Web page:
In Wisconsin, if you take a blood or breath test, and it shows that your blood alcohol level is in excess of the legal limits, you will receive a Notice of Intent to Suspend Operating Privilege. You have the option to request an Administrative Hearing with the Department of Transportation within 10 days of receipt of the Notice, or 13 days if the Notice was mailed to you. This is an administrative suspension, and it is different from any suspension or revocation that the Court may impose. If you do not request an administrative hearing, or you requested the hearing but have lost the review, your license will be suspended for six months. However, in most cases, you are immediately eligible for an occupational license.

4. Do I need to report a drunk driving arrest to my insurance company?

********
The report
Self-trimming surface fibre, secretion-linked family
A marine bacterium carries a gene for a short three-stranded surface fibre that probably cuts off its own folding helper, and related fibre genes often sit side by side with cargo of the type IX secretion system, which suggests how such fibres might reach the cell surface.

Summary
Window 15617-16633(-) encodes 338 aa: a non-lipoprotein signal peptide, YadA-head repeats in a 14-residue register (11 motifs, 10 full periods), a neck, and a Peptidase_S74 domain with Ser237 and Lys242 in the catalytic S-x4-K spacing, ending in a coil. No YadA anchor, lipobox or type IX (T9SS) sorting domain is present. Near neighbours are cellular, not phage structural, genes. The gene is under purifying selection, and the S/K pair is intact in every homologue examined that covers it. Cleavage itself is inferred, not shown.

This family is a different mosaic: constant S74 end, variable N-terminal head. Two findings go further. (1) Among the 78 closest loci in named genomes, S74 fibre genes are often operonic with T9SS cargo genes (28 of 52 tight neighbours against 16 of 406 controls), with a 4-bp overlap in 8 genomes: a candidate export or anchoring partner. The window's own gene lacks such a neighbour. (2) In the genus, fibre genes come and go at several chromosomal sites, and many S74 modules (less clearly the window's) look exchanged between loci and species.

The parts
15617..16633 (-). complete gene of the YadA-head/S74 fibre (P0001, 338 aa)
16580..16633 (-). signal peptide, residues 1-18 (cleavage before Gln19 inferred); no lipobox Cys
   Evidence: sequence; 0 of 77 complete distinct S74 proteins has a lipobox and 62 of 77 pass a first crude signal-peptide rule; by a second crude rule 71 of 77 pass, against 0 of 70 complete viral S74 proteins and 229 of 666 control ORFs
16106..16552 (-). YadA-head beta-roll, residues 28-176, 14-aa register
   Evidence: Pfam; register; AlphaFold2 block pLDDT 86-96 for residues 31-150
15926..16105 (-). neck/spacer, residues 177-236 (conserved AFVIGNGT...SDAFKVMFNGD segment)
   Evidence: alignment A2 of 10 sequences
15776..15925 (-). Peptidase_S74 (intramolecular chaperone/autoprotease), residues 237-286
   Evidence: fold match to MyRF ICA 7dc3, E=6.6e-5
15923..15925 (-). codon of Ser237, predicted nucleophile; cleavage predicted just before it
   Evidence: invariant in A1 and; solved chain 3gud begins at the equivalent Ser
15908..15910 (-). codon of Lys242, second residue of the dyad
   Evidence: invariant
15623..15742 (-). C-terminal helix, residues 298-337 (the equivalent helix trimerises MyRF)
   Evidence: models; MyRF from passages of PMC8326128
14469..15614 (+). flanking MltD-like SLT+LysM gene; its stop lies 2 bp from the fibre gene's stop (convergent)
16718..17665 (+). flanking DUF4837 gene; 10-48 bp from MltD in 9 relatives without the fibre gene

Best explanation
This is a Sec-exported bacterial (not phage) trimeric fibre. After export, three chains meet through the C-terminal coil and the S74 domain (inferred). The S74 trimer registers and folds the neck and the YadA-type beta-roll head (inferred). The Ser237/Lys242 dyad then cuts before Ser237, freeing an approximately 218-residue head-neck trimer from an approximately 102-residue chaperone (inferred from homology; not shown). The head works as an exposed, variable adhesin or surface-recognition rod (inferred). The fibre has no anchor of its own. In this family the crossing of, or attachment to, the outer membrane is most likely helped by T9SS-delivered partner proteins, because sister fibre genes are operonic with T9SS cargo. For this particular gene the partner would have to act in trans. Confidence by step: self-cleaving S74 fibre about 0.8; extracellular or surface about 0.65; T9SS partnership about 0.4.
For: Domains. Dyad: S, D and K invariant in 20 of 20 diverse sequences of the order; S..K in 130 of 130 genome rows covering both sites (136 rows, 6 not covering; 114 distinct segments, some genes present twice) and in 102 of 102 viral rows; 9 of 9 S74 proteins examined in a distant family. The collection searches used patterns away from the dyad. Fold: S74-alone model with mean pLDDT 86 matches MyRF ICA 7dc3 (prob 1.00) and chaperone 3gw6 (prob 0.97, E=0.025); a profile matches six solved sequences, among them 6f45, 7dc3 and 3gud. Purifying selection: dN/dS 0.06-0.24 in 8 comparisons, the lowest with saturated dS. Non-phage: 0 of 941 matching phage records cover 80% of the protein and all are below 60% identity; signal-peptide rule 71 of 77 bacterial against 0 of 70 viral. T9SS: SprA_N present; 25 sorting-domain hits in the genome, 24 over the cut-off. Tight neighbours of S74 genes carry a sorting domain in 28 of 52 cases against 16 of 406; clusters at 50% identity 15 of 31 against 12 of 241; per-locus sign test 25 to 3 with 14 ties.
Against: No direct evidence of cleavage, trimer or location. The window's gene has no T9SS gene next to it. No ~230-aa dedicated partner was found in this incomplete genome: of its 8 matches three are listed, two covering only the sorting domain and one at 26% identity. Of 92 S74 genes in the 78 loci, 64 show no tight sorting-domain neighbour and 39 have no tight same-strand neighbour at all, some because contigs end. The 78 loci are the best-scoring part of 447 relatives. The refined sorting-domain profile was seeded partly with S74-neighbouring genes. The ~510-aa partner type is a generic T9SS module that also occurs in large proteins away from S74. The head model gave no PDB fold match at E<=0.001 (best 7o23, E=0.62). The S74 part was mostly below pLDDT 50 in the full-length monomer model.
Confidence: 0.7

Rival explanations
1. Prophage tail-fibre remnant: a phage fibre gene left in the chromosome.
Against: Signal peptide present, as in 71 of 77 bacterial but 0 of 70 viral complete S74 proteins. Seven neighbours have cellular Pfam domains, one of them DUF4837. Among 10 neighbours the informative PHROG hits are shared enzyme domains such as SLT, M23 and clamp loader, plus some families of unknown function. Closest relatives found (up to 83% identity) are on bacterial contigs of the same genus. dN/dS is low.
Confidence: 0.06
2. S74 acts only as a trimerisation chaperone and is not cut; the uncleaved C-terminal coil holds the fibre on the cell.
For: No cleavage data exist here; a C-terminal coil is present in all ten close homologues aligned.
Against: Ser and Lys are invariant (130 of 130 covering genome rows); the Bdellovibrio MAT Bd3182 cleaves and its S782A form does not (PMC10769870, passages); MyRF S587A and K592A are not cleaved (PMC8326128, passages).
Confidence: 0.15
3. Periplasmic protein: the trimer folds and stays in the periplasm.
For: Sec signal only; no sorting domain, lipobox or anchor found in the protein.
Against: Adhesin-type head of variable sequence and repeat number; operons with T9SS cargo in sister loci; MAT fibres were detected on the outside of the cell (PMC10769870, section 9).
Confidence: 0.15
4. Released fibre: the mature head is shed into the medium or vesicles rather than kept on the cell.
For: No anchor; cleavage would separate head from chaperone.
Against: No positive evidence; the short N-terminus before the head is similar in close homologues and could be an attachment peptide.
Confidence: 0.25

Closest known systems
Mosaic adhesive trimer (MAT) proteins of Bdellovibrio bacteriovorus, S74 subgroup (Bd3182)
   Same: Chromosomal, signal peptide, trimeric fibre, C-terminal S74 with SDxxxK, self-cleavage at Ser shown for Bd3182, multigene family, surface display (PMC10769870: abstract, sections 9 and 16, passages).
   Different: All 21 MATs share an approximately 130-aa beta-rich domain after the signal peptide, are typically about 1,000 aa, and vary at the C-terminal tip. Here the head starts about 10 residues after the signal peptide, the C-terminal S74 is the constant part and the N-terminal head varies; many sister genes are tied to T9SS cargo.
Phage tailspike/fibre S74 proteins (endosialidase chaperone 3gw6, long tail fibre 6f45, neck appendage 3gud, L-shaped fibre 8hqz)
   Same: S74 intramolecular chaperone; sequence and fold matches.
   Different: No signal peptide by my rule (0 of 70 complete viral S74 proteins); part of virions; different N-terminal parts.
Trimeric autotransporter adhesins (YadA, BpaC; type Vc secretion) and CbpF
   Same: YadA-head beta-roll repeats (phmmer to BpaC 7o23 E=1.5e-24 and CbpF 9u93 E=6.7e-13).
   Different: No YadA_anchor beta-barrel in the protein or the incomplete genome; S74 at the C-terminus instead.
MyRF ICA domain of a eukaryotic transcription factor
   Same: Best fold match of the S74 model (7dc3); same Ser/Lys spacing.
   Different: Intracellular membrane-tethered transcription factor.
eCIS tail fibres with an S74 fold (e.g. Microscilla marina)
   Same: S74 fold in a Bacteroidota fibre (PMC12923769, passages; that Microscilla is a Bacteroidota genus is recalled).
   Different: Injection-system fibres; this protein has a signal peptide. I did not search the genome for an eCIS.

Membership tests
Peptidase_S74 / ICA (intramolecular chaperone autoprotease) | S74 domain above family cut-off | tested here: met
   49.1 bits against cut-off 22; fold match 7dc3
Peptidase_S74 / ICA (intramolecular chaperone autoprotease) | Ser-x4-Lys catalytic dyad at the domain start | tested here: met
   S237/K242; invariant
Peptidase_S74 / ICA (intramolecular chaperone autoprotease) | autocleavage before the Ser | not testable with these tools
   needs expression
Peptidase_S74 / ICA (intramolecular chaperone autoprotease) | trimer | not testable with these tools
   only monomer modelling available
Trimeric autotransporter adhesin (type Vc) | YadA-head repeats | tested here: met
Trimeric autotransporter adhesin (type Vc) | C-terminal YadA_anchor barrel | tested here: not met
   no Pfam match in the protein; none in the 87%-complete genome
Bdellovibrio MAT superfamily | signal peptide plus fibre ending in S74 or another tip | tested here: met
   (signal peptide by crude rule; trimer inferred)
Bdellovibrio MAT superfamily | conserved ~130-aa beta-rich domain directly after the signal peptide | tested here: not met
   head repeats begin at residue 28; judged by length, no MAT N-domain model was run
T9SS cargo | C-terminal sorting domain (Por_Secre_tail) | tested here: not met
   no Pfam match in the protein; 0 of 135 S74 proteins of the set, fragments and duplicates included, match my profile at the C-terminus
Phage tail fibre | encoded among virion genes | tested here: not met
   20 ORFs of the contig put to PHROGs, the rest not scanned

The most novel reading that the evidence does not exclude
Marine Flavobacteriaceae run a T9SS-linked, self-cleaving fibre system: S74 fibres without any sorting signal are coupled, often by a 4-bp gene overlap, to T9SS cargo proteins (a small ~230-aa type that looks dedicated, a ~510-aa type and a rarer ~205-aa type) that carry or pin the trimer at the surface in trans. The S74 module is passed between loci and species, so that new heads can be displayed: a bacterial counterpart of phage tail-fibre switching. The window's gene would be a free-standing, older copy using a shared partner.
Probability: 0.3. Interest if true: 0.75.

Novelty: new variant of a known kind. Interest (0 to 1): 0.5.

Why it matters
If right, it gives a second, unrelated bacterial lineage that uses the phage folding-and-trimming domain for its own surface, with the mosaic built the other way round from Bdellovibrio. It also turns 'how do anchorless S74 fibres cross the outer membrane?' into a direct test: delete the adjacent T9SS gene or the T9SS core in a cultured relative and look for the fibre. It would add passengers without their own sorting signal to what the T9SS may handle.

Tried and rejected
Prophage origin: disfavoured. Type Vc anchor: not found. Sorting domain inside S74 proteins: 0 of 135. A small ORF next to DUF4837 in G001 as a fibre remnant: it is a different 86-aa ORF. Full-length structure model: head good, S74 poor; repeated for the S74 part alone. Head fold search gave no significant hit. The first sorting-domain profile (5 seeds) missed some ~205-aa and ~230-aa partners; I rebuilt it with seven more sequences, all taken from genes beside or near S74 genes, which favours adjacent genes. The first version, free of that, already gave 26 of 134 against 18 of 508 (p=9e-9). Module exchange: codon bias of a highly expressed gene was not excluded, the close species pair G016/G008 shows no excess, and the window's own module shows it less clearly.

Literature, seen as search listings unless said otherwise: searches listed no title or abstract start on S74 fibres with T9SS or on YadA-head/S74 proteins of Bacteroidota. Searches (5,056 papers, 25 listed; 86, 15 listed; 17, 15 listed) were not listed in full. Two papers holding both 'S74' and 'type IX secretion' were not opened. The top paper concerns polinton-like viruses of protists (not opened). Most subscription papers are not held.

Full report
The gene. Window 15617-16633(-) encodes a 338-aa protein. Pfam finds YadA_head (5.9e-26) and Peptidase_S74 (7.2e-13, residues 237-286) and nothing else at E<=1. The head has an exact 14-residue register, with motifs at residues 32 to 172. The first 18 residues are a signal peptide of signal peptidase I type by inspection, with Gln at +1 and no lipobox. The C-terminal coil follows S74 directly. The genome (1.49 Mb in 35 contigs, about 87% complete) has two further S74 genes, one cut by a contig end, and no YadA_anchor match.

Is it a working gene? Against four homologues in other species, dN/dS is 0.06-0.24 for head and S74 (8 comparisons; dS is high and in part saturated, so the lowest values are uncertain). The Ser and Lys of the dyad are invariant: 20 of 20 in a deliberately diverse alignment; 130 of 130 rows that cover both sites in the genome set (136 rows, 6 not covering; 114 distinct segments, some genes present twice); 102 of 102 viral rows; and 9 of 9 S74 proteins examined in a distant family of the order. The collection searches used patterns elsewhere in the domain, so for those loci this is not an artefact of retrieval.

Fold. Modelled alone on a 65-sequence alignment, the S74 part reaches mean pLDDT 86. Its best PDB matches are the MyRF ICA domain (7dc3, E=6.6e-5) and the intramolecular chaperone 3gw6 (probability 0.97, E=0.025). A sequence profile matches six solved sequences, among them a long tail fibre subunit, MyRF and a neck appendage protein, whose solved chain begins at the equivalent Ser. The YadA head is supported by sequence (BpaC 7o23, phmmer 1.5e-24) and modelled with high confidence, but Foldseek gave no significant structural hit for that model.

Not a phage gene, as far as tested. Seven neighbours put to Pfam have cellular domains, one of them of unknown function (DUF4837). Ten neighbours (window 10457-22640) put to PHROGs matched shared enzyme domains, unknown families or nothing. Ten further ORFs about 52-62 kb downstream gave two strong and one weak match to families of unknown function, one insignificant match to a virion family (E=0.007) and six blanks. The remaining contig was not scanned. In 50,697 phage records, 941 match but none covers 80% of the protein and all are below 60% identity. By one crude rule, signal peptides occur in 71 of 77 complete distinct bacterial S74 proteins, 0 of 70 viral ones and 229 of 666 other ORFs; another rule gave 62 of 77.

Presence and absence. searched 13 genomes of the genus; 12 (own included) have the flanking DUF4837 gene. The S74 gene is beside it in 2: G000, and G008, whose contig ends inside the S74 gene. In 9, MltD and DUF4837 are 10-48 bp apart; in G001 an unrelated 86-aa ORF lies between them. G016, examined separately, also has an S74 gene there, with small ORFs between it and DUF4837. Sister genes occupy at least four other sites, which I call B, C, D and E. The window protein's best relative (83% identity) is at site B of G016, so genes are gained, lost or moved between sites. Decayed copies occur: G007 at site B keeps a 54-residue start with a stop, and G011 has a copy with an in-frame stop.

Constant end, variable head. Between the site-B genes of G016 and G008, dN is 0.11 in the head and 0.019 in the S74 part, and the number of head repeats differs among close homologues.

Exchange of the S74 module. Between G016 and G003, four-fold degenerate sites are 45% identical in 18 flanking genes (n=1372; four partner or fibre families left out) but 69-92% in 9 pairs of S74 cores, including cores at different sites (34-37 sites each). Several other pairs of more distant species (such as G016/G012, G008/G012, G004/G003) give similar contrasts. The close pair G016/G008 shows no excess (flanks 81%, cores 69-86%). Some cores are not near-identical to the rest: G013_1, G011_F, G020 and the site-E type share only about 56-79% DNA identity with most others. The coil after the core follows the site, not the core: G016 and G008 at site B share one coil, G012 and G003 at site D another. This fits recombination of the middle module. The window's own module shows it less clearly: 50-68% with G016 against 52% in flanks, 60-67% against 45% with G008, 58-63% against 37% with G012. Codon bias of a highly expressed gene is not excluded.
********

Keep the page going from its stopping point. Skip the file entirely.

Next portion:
The answer is generally "no." However, if there was a collision involving injury, death, or property damage that you do not wish to pay for out of your own pocket, you should notify your insurance carrier. If there were no injuries or damage, there is no requirement under Wisconsin law to report the incident to your insurance carrier (bear in mind, however, that the police or the property owner may contact your insurance carrier). If you wish to obtain an occupational license, you must obtain a SR-22 (insurance bond) prior to applying for the occupational license, but you can obtain this coverage through most insurance providers – you are not required to obtain this bond through your present insurance carrier. Bear in mind that your insurance provider will likely learn of the DUI charge at some point in time.